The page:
WikiSilo bases and forksAbstract: WikiSilo is a tool for theorizing across interdisciplinary fields such as Cognitive Science using a specific vocabulary and structure. It is designed to show if a particular cognitive theory is complete and coherent at multiple levels of discourse, and commensurable with and relevant to a wider domain of cognition. WikiSilo is also a minimalist theory and methodology about effectively doing science, and is therefore a form of epistemizing. WikiSilo theory provides for a disciplined exploration of explanatory space via an axiomatic hierarchy of epistemizing and ontologizing postulates. The WikiSilo tool, via a software version control system, supports the long term goal of working toward coherent and unified theories. More generally, WikiSilo facilitates self-organization leading to academic silos with well-defined conceptual frameworks that are vertically related as compared to poorly related ad-hoc academic fiefdoms.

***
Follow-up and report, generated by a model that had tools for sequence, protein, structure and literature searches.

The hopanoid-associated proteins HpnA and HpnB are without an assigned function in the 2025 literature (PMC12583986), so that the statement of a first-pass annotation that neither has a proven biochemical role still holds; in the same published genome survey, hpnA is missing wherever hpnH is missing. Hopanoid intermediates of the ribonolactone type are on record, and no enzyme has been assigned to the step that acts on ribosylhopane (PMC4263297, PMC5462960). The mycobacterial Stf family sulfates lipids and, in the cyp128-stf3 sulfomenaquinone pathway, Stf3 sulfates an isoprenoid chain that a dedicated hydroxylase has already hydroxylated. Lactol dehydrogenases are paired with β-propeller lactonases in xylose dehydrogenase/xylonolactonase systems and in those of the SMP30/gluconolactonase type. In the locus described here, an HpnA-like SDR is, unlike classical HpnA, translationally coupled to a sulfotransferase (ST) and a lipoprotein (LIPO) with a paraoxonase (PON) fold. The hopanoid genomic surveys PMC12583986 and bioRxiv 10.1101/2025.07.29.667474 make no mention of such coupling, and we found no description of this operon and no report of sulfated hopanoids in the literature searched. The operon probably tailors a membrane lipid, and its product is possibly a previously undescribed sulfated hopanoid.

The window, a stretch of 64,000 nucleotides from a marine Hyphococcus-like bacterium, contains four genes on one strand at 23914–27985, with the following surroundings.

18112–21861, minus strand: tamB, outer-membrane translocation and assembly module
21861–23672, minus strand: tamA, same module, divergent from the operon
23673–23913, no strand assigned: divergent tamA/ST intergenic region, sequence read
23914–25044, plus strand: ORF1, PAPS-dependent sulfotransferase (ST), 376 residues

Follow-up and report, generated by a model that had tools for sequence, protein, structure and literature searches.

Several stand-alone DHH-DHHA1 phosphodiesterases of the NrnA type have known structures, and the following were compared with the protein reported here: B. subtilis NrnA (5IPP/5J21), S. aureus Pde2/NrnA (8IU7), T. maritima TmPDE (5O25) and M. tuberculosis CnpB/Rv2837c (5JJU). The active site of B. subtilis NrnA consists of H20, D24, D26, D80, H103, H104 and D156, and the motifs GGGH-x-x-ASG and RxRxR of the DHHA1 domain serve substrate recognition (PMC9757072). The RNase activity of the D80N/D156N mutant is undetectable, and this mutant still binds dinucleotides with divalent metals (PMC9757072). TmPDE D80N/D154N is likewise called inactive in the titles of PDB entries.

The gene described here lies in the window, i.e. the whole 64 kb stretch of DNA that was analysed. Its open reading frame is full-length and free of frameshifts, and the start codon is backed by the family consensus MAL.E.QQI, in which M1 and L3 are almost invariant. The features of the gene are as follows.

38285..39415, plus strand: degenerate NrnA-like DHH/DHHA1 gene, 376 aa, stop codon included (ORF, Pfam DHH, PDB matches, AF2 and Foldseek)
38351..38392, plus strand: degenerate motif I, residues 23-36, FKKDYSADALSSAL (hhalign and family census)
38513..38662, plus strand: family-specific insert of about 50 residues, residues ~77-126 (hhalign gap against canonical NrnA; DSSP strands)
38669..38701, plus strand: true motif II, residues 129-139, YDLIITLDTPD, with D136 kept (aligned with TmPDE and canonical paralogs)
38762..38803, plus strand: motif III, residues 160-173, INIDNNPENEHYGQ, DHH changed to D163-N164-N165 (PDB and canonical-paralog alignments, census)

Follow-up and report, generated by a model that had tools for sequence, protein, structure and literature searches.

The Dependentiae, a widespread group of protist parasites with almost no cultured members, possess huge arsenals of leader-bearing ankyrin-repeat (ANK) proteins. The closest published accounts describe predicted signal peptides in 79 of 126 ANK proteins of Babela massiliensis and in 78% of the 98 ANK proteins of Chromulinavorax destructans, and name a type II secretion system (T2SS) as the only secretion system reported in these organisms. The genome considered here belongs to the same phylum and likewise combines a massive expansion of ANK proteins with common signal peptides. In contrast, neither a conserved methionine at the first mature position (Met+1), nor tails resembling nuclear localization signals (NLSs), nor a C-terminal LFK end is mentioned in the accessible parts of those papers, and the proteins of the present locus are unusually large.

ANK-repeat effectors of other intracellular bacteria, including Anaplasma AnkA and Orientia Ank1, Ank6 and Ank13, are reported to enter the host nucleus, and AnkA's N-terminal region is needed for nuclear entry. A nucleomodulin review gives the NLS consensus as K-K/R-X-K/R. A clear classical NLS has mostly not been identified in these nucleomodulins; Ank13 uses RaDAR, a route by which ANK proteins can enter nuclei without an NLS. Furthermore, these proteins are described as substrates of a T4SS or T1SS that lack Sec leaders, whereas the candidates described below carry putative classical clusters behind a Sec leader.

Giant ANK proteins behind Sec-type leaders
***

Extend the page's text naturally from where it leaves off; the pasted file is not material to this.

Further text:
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WikiSilo: A Self-organizing, Crowd Sourcing System for Interdisciplinary Science [Supporting Paper]

Leibovitz, D. P., West, R. L. & Belanger, M. (2014) WikiSilo: A Self-organizing, Crowd Sourcing System for Interdisciplinary Science [Supporting Paper]. Working paper, pp. 1-6. Carleton University. [doi: 10.13140/RG.2.1.3359.1529]

WikiSilo bases and forksAbstract: WikiSilo is a tool for theorizing across interdisciplinary fields such as Cognitive Science, and provides a vocabulary for talking about the problems of doing so. It can be used to demonstrate that a particular cognitive theory is complete and coherent at multiple levels of discourse, and commensurable with and relevant to a wider domain of cognition. WikiSilo is also a minimalist theory and methodology for effectively doing science. WikiSilo is simultaneously similar to and distinct, as well as integrated and separated from Wikipedia™. This paper will introduce the advantages of WikiSilo for use in the Cognitive Sciences. Note that this paper supports (but was not presented) with:

Leibovitz, D. P., West, R. L. & Belanger, M. (2014) WikiSilo: A Self-organizing, Crowd Sourcing System for Interdisciplinary Science. Poster presented at the 36th Annual Conference of the Cognitive Science Society (CogSci 2014), Quebec City, Canada. [doi10.13140/2.1.3139.9048]